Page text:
WPP files motion with NY Supreme Court to dismiss NDTV case

By afaqs! news bureau , afaqs!, Mumbai | In Media Publishing | August 29, 2012
The New York Supreme Court has assigned Justice O Peter Sherwood to hear the case (No 652589-2012) which will come up for hearing on September 13.

WPP has filed a motion with the New York Supreme Court to dismiss the grievances NDTV had filed on July 26 on the alleged irregularities in TV ratings in India.



The New York Supreme Court has assigned Justice O Peter Sherwood to hear the case (No 652589-2012) which will come up for hearing on September 13.

The motion stated that the NDTV case is a "desperate attempt by the plaintiff, a television station in New Delhi, India, to drum up media coverage in India to divert attention from the real reasons its programmes have had low audience ratings and its financial performance has been abysmal for five years."

The motion claims that NDTV has crossed the globe and come to New York State Supreme Court to complain about an Indian company, TAM, and how it measures the ratings of television programmes in India. "New Delhi TV has filed its completely baseless and misdirected claims in a 193-page complaint, containing 654 paragraphs and 42 causes of action against 32 irrelevant parties, including the Moving Defendants," it says.

The motion notes that first, as a threshold issue, the complaint should be dismissed as to all Moving Defendants for insufficiency of service. Flouting even the most basic rules regarding service of process, NDTV simply left five identical copies of the complaint in a ripped shopping bag with a facilities employee at a building in New York in which none of the Moving Defendants conduct business, and then mailed another copy addressed to J Walter Thompson (not even a proper entity) to the same address. This sloppy attempt at service is completely insufficient and as a result, the entire complaint should be dismissed as against the Motion Defendants.

Additionally, WPP in its motion further states that NDTV's drafting of the complaint is as careless as its attempt at service. Not only does it improperly name several of the Moving Defendants, but even if the Moving Defendants had been properly named, the Court does not have jurisdiction over Kantar India, which is an Indian company with absolutely no presence in the United States, let alone in New York. Of course, it is not surprising that the companies that have anything to do with the allegations in the complaint have no presence in the United States, let alone New York, as this case is completely about actions allegedly taken or not taken in India by Indian companies having an alleged impact on an India television station.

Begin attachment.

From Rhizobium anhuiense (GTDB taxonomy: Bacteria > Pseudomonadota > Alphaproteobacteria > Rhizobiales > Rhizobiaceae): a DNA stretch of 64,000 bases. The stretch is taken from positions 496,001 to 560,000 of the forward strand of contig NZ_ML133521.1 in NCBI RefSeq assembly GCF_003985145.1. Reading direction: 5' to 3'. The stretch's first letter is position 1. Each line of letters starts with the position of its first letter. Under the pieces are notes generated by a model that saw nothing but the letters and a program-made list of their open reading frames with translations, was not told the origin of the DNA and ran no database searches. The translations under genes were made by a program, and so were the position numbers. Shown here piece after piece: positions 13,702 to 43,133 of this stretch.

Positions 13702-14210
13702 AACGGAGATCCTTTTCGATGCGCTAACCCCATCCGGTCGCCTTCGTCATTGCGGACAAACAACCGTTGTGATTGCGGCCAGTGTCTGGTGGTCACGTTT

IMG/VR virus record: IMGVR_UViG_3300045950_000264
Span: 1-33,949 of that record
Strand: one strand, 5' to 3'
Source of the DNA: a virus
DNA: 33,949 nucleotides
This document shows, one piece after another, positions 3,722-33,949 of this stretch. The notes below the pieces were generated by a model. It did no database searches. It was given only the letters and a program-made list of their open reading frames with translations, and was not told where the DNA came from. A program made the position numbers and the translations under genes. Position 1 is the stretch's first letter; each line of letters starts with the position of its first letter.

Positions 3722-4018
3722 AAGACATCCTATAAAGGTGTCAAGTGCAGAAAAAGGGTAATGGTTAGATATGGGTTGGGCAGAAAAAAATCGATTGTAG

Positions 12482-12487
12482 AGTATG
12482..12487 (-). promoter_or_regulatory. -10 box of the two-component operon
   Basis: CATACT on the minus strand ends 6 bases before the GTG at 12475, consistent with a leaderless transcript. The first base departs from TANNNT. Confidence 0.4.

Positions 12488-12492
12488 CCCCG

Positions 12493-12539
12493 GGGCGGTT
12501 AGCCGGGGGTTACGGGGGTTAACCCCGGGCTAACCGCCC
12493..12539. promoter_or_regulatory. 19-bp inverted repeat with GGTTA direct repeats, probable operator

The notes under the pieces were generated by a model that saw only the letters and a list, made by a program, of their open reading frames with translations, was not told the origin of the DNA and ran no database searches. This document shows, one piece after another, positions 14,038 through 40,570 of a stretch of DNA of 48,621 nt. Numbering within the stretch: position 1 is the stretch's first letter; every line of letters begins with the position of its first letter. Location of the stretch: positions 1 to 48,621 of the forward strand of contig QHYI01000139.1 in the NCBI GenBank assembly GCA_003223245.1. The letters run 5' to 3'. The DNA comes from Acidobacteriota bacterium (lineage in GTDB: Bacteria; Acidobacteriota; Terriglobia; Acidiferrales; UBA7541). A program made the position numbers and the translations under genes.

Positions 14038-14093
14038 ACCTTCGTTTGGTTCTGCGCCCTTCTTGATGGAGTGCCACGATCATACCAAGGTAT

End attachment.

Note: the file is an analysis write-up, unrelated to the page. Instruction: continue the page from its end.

"Thus, the fact that certain US Kantar companies, completely distinct from Kantar India, have offices in the state of New York does not render Kantar India subject to jurisdiction in New York," it says.

Beyond the basic sloppiness regarding service and drafting, WPP notes that what is most shocking about the Complaint is that a thorough read makes it perfectly clear that this case has absolutely nothing to do with New York. Hundreds of paragraphs demonstrate that the nexus of any potential claim (at best a breach of contract claim against an Indian party other than Moving Defendants) lies in India, not New York.

"There are dozens of Indian residents whose names appear in the Complaint that will be witnesses and many other witnesses in India that are not listed in the Complaint; key agreements that are at the core of the dispute that provide that all disputes are subject to the jurisdiction of Mumbai courts; and a multitude of transactions that all occurred in India, which are described in hundreds of the Complaint's 600 plus paragraphs. Moreover, in dozens of paragraphs of the Complaint, NDTV emphasizes that the alleged corruption at issue implicates well-known Indian politicians and Indian government officials, thus providing even more reason for a New York court to refrain from getting involved in this dispute. Accordingly, based upon considerations of justice, fairness and convenience, NDTV's claim is better adjudicated in India, and this Court should dismiss the complaint as against Moving Defendants," the motion states.

"Finally, the motion states that each and every one of the claims that NDTV asserts against the Moving Defendants fails to state a cause of action. Not only is it beyond dispute that NDTV cannot pierce the corporate veil of the company with whom it contracted in order to hold its shareholders liable, but the pleading on their faces are wholly insufficient to state a cause of action against any of the Moving Defendants," says WPP.

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